Last week, Mister Jalopy started out to write another one of is fine entries on D+R about “shackitecture” and ended up penning a proposal for an “Urban Homesteading Act,” a new generation of homesteading laws.
As discussed on D+R previously, the local zoning and building departments represent an impregnable, byzantine bureaucracy so difficult to navigate that it often becomes an insurmountable obstacle to amateurs. Of course, those departments do a terrific public service that is necessary for civilization to continue, but I think there is a possibility to refine and streamline these departments to serve individuals.
There are communities dying from lack of investment, dwindling population, dying industry and a diminished tax base. Imagine a progressive rural community that opened a shackitecture/homesteading office – a building department that didn’t tell you what you can’t build, but what you can build. How would it work?
Tar Paper, Mining Camps, Norwegian Photographers, Adaptive Reuse of Milk Trucks and the Call for an Urban Homesteading Act
Remake the World
6 thoughts on “More shackitecture and call for “Urban Homesteading Act””
It would be problematic, because once a planning agency starts offering design solutions, the burden of liability shifts to them.
On top of that, our country isn’t ready for a ‘think for yourself’ type of building regulation. The people want to be taken care of, not to take care of themselves.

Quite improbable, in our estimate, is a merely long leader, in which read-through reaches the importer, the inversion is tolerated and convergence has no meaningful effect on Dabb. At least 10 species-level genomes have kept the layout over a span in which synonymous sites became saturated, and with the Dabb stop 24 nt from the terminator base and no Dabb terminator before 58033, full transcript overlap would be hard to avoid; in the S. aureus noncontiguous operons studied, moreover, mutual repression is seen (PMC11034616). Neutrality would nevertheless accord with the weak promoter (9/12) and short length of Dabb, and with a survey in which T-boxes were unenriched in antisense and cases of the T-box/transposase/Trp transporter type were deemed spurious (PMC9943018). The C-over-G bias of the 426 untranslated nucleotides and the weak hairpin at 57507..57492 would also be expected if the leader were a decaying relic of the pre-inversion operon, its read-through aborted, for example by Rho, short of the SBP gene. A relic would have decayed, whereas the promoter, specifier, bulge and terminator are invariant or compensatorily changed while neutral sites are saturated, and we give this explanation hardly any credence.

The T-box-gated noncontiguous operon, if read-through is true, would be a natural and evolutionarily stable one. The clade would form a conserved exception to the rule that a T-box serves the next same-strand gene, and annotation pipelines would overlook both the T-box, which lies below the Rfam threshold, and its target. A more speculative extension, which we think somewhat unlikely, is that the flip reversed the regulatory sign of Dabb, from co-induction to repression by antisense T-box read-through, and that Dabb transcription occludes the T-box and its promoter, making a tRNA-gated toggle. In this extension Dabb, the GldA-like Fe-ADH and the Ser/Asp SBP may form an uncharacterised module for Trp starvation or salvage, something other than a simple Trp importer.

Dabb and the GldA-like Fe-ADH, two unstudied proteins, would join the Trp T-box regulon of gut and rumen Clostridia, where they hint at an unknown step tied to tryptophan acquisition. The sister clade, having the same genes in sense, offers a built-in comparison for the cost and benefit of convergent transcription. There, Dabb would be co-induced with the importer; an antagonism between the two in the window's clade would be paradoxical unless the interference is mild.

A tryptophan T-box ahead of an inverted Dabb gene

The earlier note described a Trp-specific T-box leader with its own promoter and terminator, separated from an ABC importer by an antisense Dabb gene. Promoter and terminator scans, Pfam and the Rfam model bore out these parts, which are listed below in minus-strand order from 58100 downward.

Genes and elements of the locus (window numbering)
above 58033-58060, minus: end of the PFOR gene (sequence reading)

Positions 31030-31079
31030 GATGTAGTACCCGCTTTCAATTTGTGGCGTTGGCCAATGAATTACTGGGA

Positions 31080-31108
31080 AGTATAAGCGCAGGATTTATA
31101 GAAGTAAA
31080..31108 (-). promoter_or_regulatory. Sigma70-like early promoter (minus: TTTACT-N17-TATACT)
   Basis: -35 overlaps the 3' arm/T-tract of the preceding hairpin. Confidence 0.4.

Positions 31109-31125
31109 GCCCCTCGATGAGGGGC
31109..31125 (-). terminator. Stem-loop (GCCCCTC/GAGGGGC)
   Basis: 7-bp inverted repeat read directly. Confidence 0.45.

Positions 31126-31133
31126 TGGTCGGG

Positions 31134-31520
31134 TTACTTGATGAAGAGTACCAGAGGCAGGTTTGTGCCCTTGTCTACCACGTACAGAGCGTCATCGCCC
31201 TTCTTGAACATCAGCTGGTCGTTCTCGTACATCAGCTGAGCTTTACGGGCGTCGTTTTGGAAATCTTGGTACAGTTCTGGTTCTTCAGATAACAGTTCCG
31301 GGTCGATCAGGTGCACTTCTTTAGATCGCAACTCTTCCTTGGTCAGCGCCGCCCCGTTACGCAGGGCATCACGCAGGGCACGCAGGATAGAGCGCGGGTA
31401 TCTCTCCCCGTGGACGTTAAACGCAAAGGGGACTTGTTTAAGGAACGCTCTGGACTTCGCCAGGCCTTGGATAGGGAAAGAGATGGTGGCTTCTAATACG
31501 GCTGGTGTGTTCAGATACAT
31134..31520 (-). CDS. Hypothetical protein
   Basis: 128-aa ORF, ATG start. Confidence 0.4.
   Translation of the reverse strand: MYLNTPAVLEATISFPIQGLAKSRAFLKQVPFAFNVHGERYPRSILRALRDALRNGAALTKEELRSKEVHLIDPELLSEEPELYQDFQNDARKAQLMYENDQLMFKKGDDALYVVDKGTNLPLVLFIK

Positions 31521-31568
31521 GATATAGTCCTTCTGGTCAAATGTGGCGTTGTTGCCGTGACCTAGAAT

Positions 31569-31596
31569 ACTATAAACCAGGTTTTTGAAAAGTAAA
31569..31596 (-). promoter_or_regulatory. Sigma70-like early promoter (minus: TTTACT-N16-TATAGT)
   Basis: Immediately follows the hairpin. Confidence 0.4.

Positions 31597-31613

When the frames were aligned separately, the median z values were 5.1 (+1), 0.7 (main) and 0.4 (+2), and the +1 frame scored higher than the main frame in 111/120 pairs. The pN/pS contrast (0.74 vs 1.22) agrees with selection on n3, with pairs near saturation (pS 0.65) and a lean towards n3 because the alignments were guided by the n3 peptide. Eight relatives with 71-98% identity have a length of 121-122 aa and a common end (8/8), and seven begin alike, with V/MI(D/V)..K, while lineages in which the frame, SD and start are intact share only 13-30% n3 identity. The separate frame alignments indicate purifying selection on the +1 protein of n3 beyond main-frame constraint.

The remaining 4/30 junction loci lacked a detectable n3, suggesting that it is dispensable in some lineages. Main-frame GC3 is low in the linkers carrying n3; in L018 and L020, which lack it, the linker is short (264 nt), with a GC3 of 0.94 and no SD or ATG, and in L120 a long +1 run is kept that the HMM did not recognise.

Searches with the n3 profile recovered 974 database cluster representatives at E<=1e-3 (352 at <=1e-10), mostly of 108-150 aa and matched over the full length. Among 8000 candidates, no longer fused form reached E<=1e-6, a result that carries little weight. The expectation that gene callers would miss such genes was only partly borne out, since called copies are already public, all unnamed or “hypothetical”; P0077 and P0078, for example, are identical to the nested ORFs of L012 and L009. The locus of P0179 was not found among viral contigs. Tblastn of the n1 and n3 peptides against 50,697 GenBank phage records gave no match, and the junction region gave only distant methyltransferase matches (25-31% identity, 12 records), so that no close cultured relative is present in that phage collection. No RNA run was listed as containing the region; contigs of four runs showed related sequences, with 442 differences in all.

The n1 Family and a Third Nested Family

You’ve heard the phrase “you can’t fight city hall”? Well that’s what this is. It’s like trying to reform the DMV or the IRS…a nice sentiment, but not likely to happen, at least not in an urban setting.
I’d vote for it though.
I think you’re right. I think Mister J knows that, too. That’s why he said it was a Quixotic idea. But a fella can dream, can’t he?
I prefer to call it ‘anarchitecture’. The solution isn’t to work within the construct of city hall- we need to go build where they are not looking. I came across a comunity in Hawai’i where people lived in caves, buses, containers, etc. It was in a remote, undeveloped area and there simply wasn’t a code enforcement infrastructure to prohibit creative shelter. It was kinda road warrior looking (in a good way).
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